Hurricane Ridge in the Rain

When we couldn’t figure out another Mt. Rainier hike to take that wouldn’t be overflowing with visitors trying to visit before the end of the season, we decided to explore Olympic National Park, instead.  I pushed hard to hike Hurricane Ridge since it had been over five years since our last visit. I’m glad we chose that hike, though things have changed considerably since the last time I was there.  It is such a popular trail that they paved it, which makes sense since trails quickly become stream beds up there.  We were reminded that The Olympics are a Rainforest as we spent the day walking in the clouds. The rain was heavy enough that I put my camera in my bag and relied on my iPhone to take shots.

Washington is the Evergreen State, but Fall’s colors were still on display

and I often think that Falls bright hues stand out more when framed with green.

On sunny days visitors are treated to awesome views of the coastal mountain range, but there is a subtle beauty In fog-shrouded forests. 

The signs along the trail pointed out that Hurricane Ridge is aptly named and that trees growing here are shaped by high winds, heavy rain, and heavy snowfall.  These forces combine to produce many beautiful, bonsai-like trees that cling to the barren rock.

I’m not sure if  the heavy clouds allowed us to get closer to the wildlife than usual, but this is the closest I’ve ever gotten to a Spruce Grouse, 

and we got close to two different flocks of them.

We also saw several deer, but none quite as handsome as this buck that joined us while we sat and enjoyed lunch.

Rain or no rain, it was a beautiful day.

Crystal Mountain to Lake Henskin

For our last hike of the season near Mt. Rainier we moved north, starting from the Crystal Mountain ski area.  Our trip started a little rugged because we had trouble finding the beginning of the trail and ended up climbing straight uphill on a gravel road.  As it turned out, that was an indicator of what the hike was going to be like.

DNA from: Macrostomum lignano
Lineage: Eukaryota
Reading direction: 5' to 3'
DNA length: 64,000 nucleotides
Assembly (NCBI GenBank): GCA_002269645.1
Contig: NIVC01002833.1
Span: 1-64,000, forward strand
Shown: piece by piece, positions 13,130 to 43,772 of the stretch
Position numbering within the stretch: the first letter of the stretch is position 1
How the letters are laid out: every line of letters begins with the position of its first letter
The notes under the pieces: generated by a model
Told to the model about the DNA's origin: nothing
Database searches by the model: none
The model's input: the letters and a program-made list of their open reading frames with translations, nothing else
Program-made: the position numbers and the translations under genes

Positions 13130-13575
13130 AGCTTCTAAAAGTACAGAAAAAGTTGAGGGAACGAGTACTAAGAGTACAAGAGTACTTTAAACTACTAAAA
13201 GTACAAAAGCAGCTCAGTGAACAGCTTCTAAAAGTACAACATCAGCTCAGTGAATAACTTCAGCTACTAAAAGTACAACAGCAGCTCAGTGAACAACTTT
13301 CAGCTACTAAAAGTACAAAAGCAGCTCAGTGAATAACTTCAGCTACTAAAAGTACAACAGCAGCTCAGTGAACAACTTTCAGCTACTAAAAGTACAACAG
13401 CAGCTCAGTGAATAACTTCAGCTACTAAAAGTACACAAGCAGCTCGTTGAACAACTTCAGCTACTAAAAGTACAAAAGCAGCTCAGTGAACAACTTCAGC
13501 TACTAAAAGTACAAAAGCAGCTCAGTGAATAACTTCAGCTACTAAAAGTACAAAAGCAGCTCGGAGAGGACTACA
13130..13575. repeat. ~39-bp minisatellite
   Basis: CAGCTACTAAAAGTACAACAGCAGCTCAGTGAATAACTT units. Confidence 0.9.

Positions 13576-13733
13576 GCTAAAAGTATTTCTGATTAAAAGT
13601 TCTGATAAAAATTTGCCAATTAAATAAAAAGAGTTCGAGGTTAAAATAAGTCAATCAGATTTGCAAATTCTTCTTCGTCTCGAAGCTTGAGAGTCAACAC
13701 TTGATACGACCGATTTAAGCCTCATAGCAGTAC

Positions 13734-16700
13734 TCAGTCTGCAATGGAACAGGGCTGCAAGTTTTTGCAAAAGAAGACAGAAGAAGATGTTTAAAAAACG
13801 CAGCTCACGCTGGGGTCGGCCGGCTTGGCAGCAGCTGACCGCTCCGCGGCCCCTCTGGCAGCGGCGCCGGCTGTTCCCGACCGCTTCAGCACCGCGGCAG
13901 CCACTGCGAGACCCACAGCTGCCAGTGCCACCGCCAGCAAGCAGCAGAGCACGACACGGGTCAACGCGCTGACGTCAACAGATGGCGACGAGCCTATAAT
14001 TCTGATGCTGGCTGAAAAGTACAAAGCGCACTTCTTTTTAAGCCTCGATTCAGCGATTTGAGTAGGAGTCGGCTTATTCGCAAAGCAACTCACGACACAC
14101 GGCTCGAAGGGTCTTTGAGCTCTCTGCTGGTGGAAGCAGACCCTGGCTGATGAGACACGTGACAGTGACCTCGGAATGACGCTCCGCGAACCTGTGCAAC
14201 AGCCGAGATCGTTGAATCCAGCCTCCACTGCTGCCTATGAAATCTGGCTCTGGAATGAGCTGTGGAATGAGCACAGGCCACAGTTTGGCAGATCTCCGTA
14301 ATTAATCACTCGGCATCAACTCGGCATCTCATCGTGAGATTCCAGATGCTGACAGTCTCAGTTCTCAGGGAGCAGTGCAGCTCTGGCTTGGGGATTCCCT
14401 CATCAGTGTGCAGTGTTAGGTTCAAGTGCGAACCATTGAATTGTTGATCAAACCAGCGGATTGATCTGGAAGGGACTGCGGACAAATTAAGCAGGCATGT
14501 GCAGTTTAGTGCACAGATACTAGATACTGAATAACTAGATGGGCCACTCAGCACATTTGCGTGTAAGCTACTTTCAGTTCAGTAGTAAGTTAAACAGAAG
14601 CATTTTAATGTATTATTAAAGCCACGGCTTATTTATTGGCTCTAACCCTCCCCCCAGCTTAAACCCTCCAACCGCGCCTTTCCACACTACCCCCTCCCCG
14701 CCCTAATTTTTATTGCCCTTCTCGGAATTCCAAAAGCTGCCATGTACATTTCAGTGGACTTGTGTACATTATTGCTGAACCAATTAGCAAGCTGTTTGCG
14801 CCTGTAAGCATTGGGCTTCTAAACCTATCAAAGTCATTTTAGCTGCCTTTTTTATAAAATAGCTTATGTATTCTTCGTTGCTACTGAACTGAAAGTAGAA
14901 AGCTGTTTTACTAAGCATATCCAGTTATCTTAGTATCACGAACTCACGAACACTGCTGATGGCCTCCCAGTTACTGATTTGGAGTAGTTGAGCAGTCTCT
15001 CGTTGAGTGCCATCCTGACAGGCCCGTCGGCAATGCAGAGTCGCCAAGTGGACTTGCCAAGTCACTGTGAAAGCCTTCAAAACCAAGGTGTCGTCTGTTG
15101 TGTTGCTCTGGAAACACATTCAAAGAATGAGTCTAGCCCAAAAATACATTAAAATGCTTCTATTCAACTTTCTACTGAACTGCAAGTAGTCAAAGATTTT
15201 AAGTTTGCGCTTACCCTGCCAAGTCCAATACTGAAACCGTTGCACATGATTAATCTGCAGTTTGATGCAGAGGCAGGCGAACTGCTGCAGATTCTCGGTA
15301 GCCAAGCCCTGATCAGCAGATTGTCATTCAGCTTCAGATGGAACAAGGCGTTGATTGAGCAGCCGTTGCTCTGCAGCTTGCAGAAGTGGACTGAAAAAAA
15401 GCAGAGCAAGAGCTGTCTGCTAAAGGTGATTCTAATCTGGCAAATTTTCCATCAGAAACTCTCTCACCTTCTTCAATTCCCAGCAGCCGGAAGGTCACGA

The best part of the hike was that it was quite strenuous, providing a fitting challenge for an end-of-the-season hike.  I think Leslie and Paul liked it better than I did, but I was off-put by the clearings for ski trails that we had to cross and the sight of a scalped mountain across the valley.  Still, there was a couple of pleasant small streams crossing the trail.

Lake Henskin, where we ate lunch, was also quite peaceful.  It felt great to cool off after the steep climb up the trail.

Unfortunately, the silence was shattered by the sound of a helicopter flying overhead repeatedly.

At first, I speculated that it might be involved in fighting the fires that plagued the Pacific Northwest and most of the West Coast this summer, but once it flew directly overhead I knew that wasn’t why it was here.  It wasn’t until I got home and put the image up on the screen that it became obvious this was some sort of gun-ship practicing.